This vanity light bar unfortunately doesn’t photograph well when lit.  Maybe I’ll try to photograph it in the daytime with the door open to allow outside light inside.

This room allowed me to put to use all of the design ideas and wishes I have had for the past 20 years or so, but haven’t had the funds to realize until now.  I wanted cork flooring, and so we have that.  I love glass block, and we not only put it in the existing window opening, but also put the little partition wall between the toilet and vanity cabinet.  The cabinet, by the way, is not from Ikea, because they didn’t have a size that would work in this space.  We had this custom-made, and I absolutely love it.   I wanted this bathroom to be a very quiet restful room.  The cork flooring is amazing.  It is quiet, and warm, the polar opposite of a ceramic tile floor.   Simplicity and clean lines are the main design features.  And since this room is accessable only through the master bedroom (via pocket door) it doesn’t need to look historically accurate.   That’s my story and I’m sticking with it.  Living in a historic home should not be museum like, it should be usable for the 21st century, and pay respect to the original build.  Plus I have my historical bathroom in the hall bath.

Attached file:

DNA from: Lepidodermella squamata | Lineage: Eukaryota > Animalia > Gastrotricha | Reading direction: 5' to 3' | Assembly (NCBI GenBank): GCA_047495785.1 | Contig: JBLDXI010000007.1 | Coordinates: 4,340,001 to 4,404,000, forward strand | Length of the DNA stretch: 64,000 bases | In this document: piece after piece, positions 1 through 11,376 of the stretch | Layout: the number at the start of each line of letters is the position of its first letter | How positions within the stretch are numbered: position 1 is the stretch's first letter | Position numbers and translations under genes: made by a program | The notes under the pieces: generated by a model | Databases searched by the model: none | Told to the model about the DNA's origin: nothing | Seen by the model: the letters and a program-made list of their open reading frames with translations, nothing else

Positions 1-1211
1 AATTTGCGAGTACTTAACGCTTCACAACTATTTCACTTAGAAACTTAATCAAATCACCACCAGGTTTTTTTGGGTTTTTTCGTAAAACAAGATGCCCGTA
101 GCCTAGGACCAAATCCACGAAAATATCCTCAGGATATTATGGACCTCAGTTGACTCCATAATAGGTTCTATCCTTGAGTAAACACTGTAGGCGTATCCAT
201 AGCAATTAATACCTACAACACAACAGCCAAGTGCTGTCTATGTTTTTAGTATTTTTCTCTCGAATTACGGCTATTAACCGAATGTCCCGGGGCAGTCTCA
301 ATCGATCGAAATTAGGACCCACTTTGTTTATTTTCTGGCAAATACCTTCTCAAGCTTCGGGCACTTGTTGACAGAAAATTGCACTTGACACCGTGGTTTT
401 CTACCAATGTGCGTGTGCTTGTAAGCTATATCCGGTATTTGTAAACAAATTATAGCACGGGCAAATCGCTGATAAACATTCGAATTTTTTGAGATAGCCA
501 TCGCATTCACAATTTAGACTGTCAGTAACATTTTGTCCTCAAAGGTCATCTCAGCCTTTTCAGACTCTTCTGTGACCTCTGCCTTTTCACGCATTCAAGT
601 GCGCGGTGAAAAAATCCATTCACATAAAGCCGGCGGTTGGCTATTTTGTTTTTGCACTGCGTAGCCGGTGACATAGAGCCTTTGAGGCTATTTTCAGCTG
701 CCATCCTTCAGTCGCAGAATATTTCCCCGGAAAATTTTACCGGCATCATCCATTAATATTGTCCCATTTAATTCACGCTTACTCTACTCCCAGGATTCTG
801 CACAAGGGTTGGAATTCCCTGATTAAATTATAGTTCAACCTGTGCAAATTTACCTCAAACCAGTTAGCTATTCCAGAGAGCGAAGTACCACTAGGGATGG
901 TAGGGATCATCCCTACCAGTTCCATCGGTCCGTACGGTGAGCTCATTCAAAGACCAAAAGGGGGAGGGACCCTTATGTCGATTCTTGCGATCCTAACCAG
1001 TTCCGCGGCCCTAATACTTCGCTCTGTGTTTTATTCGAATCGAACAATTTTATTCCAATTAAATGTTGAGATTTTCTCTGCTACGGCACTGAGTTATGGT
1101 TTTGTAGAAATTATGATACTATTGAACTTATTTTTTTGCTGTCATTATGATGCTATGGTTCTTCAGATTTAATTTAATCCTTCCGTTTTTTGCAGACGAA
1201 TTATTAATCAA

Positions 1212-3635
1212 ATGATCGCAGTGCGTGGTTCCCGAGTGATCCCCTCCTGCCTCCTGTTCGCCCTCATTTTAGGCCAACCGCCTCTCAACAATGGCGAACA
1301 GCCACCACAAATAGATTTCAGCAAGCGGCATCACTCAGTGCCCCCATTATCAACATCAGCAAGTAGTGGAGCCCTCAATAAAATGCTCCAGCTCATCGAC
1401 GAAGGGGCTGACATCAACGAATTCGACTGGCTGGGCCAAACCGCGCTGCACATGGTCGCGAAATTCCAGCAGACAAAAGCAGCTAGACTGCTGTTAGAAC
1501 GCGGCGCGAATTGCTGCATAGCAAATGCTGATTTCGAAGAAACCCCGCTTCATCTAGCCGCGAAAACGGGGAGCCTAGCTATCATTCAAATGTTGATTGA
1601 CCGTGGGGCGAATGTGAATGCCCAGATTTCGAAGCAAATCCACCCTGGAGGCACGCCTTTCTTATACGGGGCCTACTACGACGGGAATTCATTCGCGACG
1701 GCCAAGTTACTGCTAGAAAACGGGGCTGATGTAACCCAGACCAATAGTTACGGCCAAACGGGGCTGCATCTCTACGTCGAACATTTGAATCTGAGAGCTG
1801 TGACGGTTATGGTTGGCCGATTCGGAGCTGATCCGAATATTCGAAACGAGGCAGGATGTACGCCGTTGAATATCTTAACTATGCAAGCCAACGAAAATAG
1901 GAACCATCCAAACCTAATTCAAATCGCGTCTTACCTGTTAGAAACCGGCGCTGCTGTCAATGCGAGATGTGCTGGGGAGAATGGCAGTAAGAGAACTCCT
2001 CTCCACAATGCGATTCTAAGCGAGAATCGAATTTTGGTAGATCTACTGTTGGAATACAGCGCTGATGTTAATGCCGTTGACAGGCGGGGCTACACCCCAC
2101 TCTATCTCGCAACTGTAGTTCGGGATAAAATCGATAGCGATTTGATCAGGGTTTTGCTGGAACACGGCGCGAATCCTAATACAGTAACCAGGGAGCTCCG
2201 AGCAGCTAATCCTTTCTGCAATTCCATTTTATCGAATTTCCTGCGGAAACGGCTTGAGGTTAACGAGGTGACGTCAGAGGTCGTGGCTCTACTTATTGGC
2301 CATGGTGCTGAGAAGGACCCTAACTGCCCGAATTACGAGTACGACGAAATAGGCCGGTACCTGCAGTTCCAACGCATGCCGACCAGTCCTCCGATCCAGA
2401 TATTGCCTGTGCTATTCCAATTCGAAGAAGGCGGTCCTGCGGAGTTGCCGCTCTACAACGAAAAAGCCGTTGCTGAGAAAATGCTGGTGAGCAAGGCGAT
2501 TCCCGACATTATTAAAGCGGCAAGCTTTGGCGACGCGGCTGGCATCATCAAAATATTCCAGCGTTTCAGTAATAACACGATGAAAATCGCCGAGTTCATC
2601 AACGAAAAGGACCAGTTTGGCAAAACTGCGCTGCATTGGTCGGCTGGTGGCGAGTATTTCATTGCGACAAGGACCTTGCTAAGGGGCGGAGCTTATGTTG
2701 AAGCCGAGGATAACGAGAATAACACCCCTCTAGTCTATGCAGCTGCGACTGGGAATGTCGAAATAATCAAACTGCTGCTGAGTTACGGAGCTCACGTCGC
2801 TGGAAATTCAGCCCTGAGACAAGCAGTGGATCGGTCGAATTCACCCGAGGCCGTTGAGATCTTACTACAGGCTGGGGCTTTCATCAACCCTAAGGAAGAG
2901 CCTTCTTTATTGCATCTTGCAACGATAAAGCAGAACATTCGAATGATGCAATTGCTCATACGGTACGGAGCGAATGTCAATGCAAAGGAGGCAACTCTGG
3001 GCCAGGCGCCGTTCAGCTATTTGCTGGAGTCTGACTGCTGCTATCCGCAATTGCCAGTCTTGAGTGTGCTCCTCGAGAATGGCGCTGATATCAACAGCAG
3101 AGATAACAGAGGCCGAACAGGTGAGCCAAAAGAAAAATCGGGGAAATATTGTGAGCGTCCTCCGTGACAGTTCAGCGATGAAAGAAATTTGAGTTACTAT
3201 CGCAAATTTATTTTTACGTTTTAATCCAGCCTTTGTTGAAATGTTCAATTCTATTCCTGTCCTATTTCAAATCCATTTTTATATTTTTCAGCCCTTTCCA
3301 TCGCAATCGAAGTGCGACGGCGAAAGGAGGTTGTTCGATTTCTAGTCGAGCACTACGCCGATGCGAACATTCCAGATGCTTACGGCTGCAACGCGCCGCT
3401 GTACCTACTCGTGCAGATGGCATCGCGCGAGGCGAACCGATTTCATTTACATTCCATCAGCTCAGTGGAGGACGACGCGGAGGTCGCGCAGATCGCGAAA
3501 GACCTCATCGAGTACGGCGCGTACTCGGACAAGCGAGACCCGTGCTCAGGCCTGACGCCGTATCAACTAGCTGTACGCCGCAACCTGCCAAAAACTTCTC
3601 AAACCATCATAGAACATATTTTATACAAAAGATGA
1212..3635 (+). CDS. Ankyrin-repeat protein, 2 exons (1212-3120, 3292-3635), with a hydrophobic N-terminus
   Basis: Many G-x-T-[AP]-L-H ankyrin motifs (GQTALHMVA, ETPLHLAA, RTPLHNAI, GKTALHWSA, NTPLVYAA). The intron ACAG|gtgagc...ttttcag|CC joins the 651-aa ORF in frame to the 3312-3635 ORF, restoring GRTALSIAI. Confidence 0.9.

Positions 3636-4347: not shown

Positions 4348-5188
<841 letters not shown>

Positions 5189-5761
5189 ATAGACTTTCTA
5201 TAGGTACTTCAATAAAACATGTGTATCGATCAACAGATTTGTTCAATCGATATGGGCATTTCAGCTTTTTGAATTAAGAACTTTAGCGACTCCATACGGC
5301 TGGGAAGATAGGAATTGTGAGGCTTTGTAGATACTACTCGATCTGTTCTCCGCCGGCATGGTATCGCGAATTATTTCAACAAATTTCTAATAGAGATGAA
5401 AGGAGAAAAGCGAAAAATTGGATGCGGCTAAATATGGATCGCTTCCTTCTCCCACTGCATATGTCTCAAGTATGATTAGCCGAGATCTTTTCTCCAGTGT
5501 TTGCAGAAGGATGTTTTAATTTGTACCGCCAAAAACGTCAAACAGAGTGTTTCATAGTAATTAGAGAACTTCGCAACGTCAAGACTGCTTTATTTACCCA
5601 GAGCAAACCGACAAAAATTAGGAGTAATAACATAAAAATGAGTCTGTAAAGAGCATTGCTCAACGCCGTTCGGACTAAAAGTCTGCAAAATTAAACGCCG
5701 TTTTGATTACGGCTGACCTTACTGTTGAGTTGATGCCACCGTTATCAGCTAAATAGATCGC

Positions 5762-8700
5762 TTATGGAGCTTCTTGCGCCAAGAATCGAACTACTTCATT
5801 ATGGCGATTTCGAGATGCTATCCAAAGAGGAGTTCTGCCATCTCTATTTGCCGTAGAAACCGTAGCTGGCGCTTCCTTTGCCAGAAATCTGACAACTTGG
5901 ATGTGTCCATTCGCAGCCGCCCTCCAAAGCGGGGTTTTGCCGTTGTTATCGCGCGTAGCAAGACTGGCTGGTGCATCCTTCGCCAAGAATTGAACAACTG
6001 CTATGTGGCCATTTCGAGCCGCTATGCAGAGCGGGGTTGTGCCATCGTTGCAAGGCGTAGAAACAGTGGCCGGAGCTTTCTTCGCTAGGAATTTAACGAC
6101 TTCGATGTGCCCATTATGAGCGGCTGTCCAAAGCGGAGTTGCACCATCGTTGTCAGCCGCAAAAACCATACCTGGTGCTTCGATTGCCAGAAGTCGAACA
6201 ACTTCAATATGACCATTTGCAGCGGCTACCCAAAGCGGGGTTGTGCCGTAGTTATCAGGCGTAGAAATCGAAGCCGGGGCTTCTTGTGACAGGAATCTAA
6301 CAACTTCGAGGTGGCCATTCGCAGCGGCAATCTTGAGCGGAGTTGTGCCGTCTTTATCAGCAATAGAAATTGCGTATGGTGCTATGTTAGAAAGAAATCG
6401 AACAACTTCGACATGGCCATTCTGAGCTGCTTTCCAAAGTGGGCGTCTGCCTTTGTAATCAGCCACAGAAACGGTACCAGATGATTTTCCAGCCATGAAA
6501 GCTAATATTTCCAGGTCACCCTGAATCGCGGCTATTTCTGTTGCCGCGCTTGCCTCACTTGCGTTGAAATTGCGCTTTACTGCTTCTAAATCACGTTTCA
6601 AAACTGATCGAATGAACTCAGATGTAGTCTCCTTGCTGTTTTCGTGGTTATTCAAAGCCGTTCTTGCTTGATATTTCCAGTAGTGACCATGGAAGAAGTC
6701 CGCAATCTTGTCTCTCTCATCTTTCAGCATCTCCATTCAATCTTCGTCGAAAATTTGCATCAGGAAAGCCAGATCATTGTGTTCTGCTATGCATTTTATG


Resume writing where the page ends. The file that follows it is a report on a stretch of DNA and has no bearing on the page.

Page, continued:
We found some nice porcelain ceramic tiles in neutral greys with black and white.  Dennis from Culligan Construction in Arvada, Colorado helped me with the design surrounding the bathtub, shower and vanity backsplash.  The large tiles are 12×12 inch, mostly white.  The tiles in the shower and surrounding the tub are the same color, but appear different in the photos because of the lighting.  If I were a better photographer, I would know how to and have more motivation to fix this, but . . .   Another interesting tidbit about this bathroom that I finished 10 months ago —  Last weekend I went to an open house with Roxanne.  This was a very modern new house built on a city lot in an older neighborhood.   The very modern, brand new house had the exact same tiles in the bathroom.  Different configurations, but the same product, nonetheless.  And my vanity light was also in the powder room in that house.   This just proves how cool I really am.

tub .shower mastersinks  IMG_3046 IMG_3047  IMG_3043  IMG_2280 IMG_2287


Upstairs – Part 1

I decided that this project deserves more than one post, because there were so many things wrong that needed fixing.